People sitting and lying on sidewalks is "a really, really big problem, especially in the crime-ridden areas," Villa-Lobos said. "God bless the homeless, but it's a big problem there too." Several years ago, his organization tried to mount a campaign for a sit/lie ordinance, but it didn't go anywhere. "People came out and said we were trying to violate civil rights," he said.
The Community Leadership Alliance is active in the Tenderloin, SoMa, and the mid-Market Street area, and the group occasionally holds monthly meetings at the Infusion Lounge, an upscale nightclub owned by Scott Caroen, the chair of the organization.
Gascón worked with deputy city attorneys to draft the ordinance and all district police stations have submitted to their commanders a list of areas that they feel could benefit from the law, according to a Tenderloin district newsletter. Mirkarimi told the Guardian that some supervisors were kept in the dark for weeks about the fact that an ordinance had been drafted. "This wasn't collaborative at all," Mirkarimi told us. "We never received it until we demanded to see it."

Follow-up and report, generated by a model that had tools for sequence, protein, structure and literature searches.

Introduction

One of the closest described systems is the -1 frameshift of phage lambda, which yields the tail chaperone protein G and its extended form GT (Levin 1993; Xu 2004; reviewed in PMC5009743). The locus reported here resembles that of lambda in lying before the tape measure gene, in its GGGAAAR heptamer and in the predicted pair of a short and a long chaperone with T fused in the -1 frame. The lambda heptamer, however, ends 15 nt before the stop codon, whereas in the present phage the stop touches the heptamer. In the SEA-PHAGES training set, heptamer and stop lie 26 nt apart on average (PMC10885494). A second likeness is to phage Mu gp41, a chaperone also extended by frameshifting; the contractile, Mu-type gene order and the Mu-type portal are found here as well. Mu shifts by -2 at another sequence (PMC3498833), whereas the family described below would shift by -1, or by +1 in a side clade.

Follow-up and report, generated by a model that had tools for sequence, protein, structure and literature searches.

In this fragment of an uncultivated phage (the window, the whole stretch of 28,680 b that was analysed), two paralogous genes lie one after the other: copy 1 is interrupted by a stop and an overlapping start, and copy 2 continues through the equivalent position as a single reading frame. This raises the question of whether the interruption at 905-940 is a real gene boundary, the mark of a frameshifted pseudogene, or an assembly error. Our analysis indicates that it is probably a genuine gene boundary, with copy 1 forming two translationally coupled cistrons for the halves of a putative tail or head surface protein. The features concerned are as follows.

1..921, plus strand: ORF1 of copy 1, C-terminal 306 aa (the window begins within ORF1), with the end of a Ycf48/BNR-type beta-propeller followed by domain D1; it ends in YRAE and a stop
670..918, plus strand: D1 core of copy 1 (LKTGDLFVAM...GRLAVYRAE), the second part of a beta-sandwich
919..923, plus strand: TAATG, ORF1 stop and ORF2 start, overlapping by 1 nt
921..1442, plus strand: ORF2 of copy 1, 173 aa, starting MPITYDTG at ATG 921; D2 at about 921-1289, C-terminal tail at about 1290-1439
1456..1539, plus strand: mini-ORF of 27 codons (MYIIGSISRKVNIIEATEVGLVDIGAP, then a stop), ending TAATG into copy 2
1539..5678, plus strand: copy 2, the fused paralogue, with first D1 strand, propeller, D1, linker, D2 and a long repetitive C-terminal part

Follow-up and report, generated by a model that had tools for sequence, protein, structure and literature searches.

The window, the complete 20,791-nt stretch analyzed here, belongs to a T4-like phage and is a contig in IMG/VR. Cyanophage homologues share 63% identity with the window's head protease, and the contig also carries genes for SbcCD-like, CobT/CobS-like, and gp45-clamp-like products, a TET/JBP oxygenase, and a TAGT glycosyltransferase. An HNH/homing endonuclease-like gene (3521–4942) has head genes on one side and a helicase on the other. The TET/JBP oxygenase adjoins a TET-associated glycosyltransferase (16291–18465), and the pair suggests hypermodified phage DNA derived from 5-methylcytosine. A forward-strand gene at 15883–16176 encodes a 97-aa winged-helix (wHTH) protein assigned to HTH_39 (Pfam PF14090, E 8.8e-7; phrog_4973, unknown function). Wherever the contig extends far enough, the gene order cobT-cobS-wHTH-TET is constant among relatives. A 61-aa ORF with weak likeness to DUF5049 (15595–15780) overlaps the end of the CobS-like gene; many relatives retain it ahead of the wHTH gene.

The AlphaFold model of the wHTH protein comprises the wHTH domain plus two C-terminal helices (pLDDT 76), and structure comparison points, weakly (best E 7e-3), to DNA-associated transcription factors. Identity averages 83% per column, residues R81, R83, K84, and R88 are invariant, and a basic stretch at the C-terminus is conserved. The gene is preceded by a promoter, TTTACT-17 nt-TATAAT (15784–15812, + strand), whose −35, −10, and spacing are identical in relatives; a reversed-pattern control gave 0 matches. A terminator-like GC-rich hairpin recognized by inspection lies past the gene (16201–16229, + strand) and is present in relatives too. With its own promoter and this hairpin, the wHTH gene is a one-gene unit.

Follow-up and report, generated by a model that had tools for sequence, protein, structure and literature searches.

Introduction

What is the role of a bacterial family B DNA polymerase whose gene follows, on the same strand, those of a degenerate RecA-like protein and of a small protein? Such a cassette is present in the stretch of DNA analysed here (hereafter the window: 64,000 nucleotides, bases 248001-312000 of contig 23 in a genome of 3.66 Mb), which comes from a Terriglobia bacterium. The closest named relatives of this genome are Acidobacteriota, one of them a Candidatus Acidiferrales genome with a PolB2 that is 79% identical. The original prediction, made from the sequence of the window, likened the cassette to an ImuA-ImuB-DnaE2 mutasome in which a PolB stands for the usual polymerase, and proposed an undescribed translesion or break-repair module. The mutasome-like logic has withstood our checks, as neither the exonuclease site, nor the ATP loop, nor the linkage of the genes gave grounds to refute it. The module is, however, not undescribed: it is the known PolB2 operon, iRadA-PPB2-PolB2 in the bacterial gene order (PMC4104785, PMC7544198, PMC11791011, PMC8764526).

The Haight-Ashbury, where residents and visitors have been complaining about harassment from wayward traveling youth, has been ground zero for discussion about a sit/lie ordinance. A small group of irate residents there and the Park Station Capt. Teresa Barrett have rallied in support of the law, saying it would give police a new tool to target these disruptive street kids.
But it's clear that the ordinance's supporters want to see it applied broadly and to be used to roust the homeless in neighborhoods throughout the city.
"CLA feels that our sidewalks should be enjoyable and a place of social gathering, and that the ordinance could go a long way in helping our neighborhoods feel safer," reads the Community Leadership Alliance alert that was included in the police captain's newsletter. "It may also reduce the overall homeless population in San Francisco by discouraging people from coming to the city to beg for money."